So I recently acquired a Logitech G502 mouse, and I have to say I absolutely love it. It's a beautiful mouse, and a worth upgrade to my old G500s mouse. However my one gripe was the new all-metal scroll wheel. While the weight was nice, I missed the rubber ring around my old 500s. This led me to attempt to replace the new 502 scroll wheel with the old one from my busted 500s. So let's get started shall we? So as you can see, these are what the mice look like side-by side. While they look drastically different, the ergonomics are actually very similar among the two. The first step was to take the mouse feet off and unscrew the screws that hold the chassis in place. Lever the feet off gently with a flathead screwdriver. And they just peel right off. There's four screws on the underside of the mouse. So the feet are layered. There's double-sided adhesive foam, with the feet on top. On the back foot, I managed to peel off th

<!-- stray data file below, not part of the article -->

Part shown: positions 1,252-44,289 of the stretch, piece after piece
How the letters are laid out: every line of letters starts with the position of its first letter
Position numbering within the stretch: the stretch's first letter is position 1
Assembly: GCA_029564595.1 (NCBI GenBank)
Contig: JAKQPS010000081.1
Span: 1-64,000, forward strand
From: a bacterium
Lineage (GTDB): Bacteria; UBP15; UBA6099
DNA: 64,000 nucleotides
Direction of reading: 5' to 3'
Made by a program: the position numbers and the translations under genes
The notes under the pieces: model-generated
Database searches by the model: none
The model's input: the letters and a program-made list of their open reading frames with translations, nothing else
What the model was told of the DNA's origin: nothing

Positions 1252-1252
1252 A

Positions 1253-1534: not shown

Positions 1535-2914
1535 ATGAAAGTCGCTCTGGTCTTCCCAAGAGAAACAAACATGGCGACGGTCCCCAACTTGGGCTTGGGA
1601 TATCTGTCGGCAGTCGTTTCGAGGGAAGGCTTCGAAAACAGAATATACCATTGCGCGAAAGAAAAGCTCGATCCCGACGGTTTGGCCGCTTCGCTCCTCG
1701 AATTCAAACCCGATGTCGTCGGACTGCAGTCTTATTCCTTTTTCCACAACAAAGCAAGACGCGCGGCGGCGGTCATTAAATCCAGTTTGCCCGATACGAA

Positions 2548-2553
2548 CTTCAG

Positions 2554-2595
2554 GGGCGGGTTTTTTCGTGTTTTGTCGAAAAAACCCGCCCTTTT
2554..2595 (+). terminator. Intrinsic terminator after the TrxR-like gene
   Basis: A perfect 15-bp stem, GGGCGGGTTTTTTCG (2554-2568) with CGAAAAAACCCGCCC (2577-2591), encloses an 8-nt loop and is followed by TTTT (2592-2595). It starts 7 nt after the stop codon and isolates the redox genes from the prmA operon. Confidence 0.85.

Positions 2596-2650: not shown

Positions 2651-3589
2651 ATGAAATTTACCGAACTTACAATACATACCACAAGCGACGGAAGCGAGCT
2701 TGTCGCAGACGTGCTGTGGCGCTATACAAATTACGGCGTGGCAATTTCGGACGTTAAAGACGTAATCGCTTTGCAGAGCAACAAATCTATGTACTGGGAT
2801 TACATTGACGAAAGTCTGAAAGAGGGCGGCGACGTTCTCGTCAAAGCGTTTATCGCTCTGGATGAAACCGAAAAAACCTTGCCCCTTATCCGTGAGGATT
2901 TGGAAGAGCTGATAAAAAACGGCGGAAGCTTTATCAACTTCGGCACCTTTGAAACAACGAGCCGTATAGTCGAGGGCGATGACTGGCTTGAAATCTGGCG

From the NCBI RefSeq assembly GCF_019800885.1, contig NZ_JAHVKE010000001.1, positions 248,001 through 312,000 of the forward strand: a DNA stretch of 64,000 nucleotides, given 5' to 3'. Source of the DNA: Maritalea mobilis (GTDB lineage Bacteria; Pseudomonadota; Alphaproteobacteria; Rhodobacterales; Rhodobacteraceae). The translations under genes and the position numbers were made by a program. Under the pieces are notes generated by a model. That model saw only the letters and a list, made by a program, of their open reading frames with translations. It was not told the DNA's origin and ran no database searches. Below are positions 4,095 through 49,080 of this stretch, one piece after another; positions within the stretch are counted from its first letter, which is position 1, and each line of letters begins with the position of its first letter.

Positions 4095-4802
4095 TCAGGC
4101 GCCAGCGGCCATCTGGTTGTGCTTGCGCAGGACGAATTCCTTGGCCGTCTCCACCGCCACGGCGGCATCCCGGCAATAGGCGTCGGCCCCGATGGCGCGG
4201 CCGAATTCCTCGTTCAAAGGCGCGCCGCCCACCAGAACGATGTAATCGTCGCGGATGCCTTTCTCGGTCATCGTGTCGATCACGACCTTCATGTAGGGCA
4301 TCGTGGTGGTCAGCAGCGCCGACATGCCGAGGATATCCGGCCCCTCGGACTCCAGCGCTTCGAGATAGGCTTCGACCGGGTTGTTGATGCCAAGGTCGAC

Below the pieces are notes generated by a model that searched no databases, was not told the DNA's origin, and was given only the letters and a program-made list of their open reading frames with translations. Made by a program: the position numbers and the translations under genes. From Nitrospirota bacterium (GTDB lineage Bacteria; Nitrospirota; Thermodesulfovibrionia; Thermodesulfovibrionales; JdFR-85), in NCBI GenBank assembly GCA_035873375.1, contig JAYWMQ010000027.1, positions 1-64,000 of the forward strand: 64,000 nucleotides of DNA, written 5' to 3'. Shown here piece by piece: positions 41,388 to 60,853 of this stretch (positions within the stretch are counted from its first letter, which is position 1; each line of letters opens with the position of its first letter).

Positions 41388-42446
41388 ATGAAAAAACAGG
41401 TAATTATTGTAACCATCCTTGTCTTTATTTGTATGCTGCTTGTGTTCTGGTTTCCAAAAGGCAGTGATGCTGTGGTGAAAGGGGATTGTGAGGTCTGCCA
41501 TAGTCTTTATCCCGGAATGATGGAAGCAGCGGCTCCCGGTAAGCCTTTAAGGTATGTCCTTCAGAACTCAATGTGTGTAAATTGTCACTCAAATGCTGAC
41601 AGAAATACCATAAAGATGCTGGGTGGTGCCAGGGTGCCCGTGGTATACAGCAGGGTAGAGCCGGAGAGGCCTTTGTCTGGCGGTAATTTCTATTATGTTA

So my old Dell L502x died. However most of the components were fine, it's just the motherboard that seemed to be down with a case of water damage. So along with turning the chassis of the laptop into a dock/stand for my new laptop I wanted to turn the laptop's screen into an external monitor. So the first thing I did was extract the panel from the housing to take a look at the model number and the interface. If you're looking to do this yourself just look up the documentation for your laptop or go to ifixit.com and look it up. Fortunately Dell has excellent documentation and a pretty straightforward teardown process.
The next step was hooking up the master arduino to Hazel and have it listening out for the webapp's messages. This wasn't that hard as I'd already done it as part of my prior development in December. Unfortunately I was lacking a WiFly shield I had borrowed from the university at the time, and the university had all of the WiFlys booked out. However part of the intention of this project was accessibility, the components needed to be cost effective and easily accessible. This cannot be said for the WiFly shield as it costs around $70 . The official Arduino WiFi shield costs around the same . Instead I actively opted to use an ethernet shield for a number of reasons: Price. A new third-party ethernet shield can cost less than £10 on ebay. The one I bought for this project cost £12.49 . I selected that one because it had UK distribution. Standardization. Nearly any third-party ethernet shield can be used with the Arduino's default Ethernet library. Ano
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